Trust Insurance is pleased to increase our sponsorship of Bedford Rugby Club. Trust Insurance are avid supporters of rugby; having played at a variety of levels and regularly supporting local and national teams. We have therefore taken the opportunity to increase our support of a rugby club which is over 100 years old and part of Bedfords heritage! When choosing the colour’s of our own company logo, we incorporated the blues colours as felt these are symbolic of our strong links with Bedford.

We will also continue to sponsor Scrum half Grayson Hart.

We wish the club and everyone involved in rugby every success on and off the field in these difficult times! Come on you Blues! #BluesFamily #differentshadeofblue #bluesfoundation

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Confirmation of Liability Cover during current lock down

This was posted by on March 24th, 2020

Good Afternoon,

I can confirm that our clients who have motor insurance, public liability & Employers insurance for tree surgery/forestry are covered. We have no policy exclusion for disease cover. Any claimant would have to prove that they received the illness while at work and then our policy would respond indemnify our clients.

Policy wordings will always follow government advice however, the current advice is stay at home if you can, well as an industry you cannot as your work is outside, so we can confirm you are covered!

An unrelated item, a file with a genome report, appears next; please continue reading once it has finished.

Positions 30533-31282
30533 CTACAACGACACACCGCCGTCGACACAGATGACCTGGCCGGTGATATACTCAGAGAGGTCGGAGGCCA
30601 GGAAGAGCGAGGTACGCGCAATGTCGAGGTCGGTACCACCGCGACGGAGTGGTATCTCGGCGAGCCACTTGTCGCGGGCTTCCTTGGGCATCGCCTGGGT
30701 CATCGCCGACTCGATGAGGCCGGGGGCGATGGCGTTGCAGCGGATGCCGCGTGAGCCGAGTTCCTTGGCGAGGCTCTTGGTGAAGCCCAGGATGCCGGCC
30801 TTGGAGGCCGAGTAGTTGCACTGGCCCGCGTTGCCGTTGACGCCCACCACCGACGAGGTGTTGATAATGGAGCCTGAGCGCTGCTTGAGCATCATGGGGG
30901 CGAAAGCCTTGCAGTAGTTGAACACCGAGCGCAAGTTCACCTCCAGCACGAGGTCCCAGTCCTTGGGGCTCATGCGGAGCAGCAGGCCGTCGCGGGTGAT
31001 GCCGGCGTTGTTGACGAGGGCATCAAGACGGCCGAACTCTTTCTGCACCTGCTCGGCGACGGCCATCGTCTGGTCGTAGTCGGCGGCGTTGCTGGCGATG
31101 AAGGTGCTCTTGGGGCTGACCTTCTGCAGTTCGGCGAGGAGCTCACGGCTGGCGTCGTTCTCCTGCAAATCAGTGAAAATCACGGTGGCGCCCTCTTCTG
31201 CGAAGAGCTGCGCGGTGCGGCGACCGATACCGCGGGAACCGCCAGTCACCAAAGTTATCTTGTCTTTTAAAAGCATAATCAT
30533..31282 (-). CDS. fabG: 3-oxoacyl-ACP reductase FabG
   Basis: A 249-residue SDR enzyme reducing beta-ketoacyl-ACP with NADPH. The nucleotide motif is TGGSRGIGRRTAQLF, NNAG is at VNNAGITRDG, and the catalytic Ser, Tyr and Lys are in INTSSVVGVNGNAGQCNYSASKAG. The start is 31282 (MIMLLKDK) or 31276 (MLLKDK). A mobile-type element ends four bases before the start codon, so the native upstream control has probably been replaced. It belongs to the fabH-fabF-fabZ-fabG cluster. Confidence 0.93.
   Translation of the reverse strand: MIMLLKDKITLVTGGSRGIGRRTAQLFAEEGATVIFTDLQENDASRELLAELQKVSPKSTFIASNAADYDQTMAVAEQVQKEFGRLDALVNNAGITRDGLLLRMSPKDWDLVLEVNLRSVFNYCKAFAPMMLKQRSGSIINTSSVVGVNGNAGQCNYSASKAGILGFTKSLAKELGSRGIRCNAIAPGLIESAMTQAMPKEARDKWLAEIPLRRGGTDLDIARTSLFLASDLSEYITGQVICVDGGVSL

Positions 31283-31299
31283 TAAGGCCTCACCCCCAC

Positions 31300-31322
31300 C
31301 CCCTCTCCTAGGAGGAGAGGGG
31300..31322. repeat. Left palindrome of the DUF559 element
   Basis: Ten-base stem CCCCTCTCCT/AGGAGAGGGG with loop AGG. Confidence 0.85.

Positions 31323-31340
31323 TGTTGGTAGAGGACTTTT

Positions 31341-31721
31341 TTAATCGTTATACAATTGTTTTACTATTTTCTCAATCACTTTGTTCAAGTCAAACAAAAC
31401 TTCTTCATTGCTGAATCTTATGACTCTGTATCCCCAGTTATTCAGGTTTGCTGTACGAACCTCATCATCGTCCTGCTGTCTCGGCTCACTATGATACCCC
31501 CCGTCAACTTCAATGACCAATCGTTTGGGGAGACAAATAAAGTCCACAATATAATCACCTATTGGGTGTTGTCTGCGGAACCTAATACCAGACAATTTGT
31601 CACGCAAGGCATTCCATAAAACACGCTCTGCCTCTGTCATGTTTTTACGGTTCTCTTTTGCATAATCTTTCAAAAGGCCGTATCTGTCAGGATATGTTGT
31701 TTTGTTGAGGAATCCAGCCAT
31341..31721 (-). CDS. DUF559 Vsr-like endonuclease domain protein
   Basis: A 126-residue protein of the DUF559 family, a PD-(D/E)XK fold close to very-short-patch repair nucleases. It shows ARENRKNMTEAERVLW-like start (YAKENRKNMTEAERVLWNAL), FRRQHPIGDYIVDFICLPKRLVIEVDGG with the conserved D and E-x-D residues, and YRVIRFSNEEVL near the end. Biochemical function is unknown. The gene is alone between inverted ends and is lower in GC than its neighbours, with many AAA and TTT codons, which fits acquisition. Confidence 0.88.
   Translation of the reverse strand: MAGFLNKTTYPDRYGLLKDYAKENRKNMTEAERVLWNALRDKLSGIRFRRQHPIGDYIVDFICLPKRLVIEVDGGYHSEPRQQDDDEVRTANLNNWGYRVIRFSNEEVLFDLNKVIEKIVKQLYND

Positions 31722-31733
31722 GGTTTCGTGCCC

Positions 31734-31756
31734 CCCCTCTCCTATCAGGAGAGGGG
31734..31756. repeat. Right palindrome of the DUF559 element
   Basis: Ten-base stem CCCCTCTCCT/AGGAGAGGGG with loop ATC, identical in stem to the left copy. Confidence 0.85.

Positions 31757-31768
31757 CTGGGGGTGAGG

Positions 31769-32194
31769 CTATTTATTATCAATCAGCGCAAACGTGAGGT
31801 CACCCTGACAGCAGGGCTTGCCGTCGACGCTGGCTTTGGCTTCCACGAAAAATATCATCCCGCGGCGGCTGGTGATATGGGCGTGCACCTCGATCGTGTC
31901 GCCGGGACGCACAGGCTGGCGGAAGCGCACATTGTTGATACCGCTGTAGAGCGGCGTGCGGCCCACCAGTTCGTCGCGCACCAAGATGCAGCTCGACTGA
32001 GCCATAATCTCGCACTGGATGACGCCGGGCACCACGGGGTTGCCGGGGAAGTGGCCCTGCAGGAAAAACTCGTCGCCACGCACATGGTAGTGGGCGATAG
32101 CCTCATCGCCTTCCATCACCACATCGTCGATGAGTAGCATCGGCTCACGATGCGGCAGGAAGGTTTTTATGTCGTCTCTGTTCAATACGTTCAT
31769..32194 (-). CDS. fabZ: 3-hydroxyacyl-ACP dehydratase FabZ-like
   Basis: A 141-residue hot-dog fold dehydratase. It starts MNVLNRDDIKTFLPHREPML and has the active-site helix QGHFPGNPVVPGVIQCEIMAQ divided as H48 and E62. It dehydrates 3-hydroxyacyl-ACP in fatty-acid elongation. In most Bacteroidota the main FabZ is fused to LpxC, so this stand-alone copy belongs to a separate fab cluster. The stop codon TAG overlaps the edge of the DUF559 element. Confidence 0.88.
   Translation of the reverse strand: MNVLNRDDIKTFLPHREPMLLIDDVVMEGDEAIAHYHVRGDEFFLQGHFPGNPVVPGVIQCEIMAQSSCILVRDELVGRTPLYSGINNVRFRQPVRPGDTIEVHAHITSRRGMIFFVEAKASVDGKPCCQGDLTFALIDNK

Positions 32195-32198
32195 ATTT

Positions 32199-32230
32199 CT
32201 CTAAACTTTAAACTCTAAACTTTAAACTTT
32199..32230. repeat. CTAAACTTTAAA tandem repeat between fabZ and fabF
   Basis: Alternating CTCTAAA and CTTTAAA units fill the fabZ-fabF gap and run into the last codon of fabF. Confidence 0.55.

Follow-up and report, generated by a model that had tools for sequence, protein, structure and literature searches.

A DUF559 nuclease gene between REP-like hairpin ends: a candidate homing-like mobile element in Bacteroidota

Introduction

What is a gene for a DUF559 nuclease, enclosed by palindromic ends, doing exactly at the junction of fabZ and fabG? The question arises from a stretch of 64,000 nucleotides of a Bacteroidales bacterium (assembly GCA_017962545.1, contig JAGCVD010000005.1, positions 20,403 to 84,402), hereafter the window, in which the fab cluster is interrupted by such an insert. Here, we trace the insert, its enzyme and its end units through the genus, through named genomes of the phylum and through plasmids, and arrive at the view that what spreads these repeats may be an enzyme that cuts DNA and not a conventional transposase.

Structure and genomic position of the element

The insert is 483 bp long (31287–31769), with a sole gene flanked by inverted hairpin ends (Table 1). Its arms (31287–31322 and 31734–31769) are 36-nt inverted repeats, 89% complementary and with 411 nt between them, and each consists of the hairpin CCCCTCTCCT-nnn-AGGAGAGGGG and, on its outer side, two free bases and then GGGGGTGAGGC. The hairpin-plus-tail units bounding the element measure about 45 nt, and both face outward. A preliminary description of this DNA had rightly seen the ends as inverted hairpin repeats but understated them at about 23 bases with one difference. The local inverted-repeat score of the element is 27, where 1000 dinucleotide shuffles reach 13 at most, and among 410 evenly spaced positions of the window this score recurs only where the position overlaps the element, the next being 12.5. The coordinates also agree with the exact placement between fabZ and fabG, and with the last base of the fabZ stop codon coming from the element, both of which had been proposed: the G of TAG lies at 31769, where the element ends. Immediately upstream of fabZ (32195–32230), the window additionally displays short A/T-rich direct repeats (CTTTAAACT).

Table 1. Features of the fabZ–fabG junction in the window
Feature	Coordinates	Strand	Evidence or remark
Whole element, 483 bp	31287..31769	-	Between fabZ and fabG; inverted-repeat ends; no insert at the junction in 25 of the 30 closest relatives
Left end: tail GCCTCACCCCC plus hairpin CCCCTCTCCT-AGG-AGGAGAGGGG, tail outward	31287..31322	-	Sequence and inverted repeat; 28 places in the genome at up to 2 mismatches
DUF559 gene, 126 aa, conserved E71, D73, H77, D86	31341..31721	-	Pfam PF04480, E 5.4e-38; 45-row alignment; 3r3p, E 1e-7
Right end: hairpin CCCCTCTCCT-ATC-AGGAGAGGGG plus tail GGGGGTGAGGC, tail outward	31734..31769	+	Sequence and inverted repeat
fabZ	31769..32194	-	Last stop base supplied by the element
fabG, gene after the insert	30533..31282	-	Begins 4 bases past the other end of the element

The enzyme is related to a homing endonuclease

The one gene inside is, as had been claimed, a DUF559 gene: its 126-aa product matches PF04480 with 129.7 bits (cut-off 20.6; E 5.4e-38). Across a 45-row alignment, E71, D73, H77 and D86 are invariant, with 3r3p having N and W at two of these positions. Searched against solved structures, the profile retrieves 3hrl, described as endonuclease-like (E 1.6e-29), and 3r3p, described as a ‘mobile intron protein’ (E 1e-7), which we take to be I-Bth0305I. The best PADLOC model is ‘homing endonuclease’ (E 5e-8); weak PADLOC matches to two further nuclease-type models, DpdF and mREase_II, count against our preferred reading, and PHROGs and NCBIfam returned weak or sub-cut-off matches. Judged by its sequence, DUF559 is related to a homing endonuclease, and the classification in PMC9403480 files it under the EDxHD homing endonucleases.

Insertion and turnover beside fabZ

I must add that if the government says you cannot leave your home under no circumstances due to the virus, this would then enforce you to stop working. We will then arrange a suspension of liability policies so that you do not financial lose out. For clarity this is just in relation to liability insurance. Plant will still be stolen so our advice is to retain this cover, we had two thefts overnight and you will still need your vehicle insured to drive to the shops, doctors etc so we would suggest retaining this cover.

I believe that the confusion has come from a newspaper article which is talking about business interruption not covering clients.

So just to confirm tree surgeons, forestry contractors and landscape contractors are covered with our policies.

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Application of PUWER to tree work winching operations

This was posted by on March 10th, 2020

Compliance with PUWER for tree work winching operations.


1.  This paper outlines The Health and Safety Executive’s (HSE) opinion on the application of the Provision and Use of Work and Equipment Regulations 1998 (PUWER) to winching operations used in tree work. It clearly states HSE’s policy to apply the requirements of PUWER rather than those of the Lifting Operations and Lifting Equipment Regulations 1998 (LOLER) to winching operations.1


2.  Differing opinions currently exist within the industry about the application of PUWER and LOLER to winching operations in tree work, eg skidding and directional felling. As a result, queries are regularly raised particularly in respect to the inspection and thorough examination of winching equipment. These queries often stem from how the term ‘lifting’ is interpreted in respect to loads being winched. The aim of this paper is to clarify the application of health and safety legislation to the use of winches in tree work – in particular in relation to the requirement for thorough examination and inspection.

PUWER/LOLER and winching operations.

3.  In the first instance it is important to recognise that LOLER and PUWER require much the same thing for work equipment that they apply to: that the equipment is suitable for the task being undertaken; that it is properly maintained, and that it is operated correctly by competent people. PUWER is not a lesser standard. It requires a similar level of safety as LOLER if the risks demand it.